A video shared by the Slow Mo Guys starts by revealing the careful preparation that went into setting up the slow-motion camera. After all, too close to the action and it would’ve disintegrated, and too far and the footage would’ve lacked impact.
The biggest challenge was selecting the ideal camera exposure. Exposing to the natural light would’ve blown out all of the details in the extremely bright flames as they blasted out from the rocket engine. So, to capture detail in the flame while avoiding making everything around it completely dark, Free set the camera’s exposure at four stops under, making the image much darker from the outset. Afterwards, after seeing the footage, he admits he probably should’ve stopped down even further.
The footage is still very impressive, showing the rocket engine firing at 80 times slower than real time. Such is the power of the rocket, which in a vacuum is capable of 45,000 pounds of thrust, the footage of the flames actually looks like it’s playing at real time.
This is noted by Free, who said in the video: “The most insane thing to me about this footage is that you could look at this and not necessarily know this was a 2,000 frames a second; this is 80 times slower than real time, and the only indication is when these little pieces of debris are flying past the camera. The flame and the vibrations produced by the engine look so incredibly fast, it could almost be real time.”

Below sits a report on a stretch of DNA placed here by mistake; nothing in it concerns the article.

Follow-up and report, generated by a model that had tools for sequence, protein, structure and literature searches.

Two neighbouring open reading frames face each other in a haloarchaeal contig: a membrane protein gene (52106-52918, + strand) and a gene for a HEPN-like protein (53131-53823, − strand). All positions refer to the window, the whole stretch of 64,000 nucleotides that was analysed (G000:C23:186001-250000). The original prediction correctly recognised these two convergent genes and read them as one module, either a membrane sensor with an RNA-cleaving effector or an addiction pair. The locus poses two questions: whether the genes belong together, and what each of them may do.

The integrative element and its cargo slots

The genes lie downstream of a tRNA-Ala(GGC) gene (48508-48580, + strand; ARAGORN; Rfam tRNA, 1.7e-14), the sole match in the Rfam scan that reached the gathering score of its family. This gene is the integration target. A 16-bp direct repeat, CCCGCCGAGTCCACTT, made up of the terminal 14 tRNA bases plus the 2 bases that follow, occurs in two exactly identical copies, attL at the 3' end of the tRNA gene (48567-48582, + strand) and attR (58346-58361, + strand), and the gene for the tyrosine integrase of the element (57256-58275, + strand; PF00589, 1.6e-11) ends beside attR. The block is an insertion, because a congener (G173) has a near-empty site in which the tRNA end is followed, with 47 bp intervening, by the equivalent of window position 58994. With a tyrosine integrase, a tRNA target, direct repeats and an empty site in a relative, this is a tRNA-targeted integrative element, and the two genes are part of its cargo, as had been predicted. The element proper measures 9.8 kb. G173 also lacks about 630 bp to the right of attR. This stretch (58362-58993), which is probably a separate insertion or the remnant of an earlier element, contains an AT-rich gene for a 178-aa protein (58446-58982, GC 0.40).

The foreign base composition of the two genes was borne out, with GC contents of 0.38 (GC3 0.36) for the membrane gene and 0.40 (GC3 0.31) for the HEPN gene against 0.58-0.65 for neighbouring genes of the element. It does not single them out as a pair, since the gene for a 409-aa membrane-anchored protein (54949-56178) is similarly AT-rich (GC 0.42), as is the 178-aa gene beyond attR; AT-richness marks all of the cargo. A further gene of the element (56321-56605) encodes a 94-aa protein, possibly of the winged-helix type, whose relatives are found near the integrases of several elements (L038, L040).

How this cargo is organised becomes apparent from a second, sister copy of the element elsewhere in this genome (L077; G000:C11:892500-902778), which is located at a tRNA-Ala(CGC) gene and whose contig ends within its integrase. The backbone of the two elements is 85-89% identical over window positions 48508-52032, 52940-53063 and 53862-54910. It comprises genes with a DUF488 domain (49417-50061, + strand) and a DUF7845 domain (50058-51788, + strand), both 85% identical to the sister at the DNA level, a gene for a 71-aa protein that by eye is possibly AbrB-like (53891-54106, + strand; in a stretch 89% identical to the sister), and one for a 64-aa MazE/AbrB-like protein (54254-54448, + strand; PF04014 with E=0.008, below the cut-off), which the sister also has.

Despite finding it a “pretty nerve-wracking experience,” Free was delighted with the footage they managed to get. Check it out in the video at the top.
The Slow Mo Guys have built a loyal following of 14.8 million subscribers since starting their YouTube channel 13 years ago. Their most popular video, showing the pair burst a giant water balloon, has picked up 198 million views to date. The channel’s content covers a huge variety of ideas, from the mundane (shattering glass), to the weird (spinning an apple until it explodes), to the wacky (diving on a paint-covered trampoline) … all captured in very slow motion.